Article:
This is answered in the Pauline chapters of the bible, and he claims that knowledge of Jesus simply "comes" to people who might not otherwise be made aware of him. So, any way it's diced, you have to believe in Jesus (at least that was the interpretation I have heard most often).

So, I put forth this question to God, in the form of prayer, not really expecting an answer. Surprising enough, I did receive a revelation almost immediately, and this was it. As you know, the Jews of old practiced blood sacrifice as atonement for their sins. This was acceptable to God in those ancient times. When Christ was born, and subsequently died on the cross, he assumed the permanent role of blood sacrifice in atonement for our sins. Thus, no further need for animal sacrifice was required. As you probably know through your Christian friend, the just punishment for our sins was taken on in the person of Christ. My belief (and the answer that I received through prayer) is that when we die and stand in God's presence, Christ stands with us as our mediator. If we have accepted Christ, our atonement is realized through him by this blood sacrifice. We are judged blameless via this blood sacrifice.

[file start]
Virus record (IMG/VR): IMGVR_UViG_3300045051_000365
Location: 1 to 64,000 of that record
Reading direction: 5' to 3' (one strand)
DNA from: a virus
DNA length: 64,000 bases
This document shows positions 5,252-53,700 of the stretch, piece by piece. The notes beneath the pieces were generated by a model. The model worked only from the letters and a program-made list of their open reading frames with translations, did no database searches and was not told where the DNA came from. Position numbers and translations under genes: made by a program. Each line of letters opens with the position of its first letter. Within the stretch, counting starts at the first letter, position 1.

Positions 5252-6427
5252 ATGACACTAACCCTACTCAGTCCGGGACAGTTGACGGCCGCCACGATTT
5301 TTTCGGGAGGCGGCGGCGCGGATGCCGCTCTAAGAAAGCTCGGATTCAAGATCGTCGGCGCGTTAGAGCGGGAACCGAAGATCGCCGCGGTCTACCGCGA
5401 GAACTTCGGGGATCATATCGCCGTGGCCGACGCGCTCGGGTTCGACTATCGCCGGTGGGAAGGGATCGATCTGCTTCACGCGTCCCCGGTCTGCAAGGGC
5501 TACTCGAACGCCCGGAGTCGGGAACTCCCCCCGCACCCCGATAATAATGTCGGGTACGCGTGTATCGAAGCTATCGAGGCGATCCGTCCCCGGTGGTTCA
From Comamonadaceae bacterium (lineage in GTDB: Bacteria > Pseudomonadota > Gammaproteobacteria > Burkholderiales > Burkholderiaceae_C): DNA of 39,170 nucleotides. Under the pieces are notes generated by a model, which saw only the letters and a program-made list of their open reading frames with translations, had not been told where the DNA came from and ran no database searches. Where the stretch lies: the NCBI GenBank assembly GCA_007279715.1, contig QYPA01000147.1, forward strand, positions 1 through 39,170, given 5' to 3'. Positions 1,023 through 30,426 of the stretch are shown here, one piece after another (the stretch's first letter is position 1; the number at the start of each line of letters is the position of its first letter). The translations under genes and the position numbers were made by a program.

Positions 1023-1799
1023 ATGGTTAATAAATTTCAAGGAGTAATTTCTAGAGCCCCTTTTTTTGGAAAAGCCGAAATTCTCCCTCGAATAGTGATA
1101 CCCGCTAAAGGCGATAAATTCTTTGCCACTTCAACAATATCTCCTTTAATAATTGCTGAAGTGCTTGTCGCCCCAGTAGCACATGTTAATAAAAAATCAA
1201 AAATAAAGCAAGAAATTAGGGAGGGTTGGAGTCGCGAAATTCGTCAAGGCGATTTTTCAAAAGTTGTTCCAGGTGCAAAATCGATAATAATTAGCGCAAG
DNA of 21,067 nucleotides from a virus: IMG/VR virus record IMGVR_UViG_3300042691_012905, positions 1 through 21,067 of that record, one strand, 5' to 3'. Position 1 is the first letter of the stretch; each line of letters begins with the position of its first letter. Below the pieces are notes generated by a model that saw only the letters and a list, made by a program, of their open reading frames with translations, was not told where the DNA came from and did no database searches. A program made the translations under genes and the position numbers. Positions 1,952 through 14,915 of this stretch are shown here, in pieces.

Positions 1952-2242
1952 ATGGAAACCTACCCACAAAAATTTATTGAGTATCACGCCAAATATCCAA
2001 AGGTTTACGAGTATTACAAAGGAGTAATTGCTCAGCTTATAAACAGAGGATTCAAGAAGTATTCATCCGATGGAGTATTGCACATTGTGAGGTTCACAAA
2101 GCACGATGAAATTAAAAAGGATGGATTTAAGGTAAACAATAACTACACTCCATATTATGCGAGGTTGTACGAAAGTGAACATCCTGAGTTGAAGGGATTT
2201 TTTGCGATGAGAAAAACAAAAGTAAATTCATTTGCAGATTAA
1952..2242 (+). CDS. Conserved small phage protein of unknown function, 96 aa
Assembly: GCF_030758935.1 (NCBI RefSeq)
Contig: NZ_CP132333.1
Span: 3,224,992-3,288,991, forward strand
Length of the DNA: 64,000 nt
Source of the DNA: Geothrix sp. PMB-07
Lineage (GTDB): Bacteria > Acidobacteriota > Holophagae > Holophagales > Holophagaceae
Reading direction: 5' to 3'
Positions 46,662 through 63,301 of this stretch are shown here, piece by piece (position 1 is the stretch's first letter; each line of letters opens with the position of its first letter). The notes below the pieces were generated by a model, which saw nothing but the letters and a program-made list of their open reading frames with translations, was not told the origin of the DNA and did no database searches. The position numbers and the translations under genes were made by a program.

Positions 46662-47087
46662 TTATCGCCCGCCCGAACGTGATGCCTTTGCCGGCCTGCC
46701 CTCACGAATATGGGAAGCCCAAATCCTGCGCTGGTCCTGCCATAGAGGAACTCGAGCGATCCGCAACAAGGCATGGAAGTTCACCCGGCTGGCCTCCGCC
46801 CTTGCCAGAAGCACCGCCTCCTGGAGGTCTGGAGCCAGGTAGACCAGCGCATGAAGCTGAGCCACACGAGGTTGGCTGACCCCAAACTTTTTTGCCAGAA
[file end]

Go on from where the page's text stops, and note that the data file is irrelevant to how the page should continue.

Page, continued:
For others, they will stand in judgement as well, but will be judged by their own merits, according to their deeds, which is the current belief held by the Jews. A much trickier situation to be in, as how many people can say that they have led exemplary lives?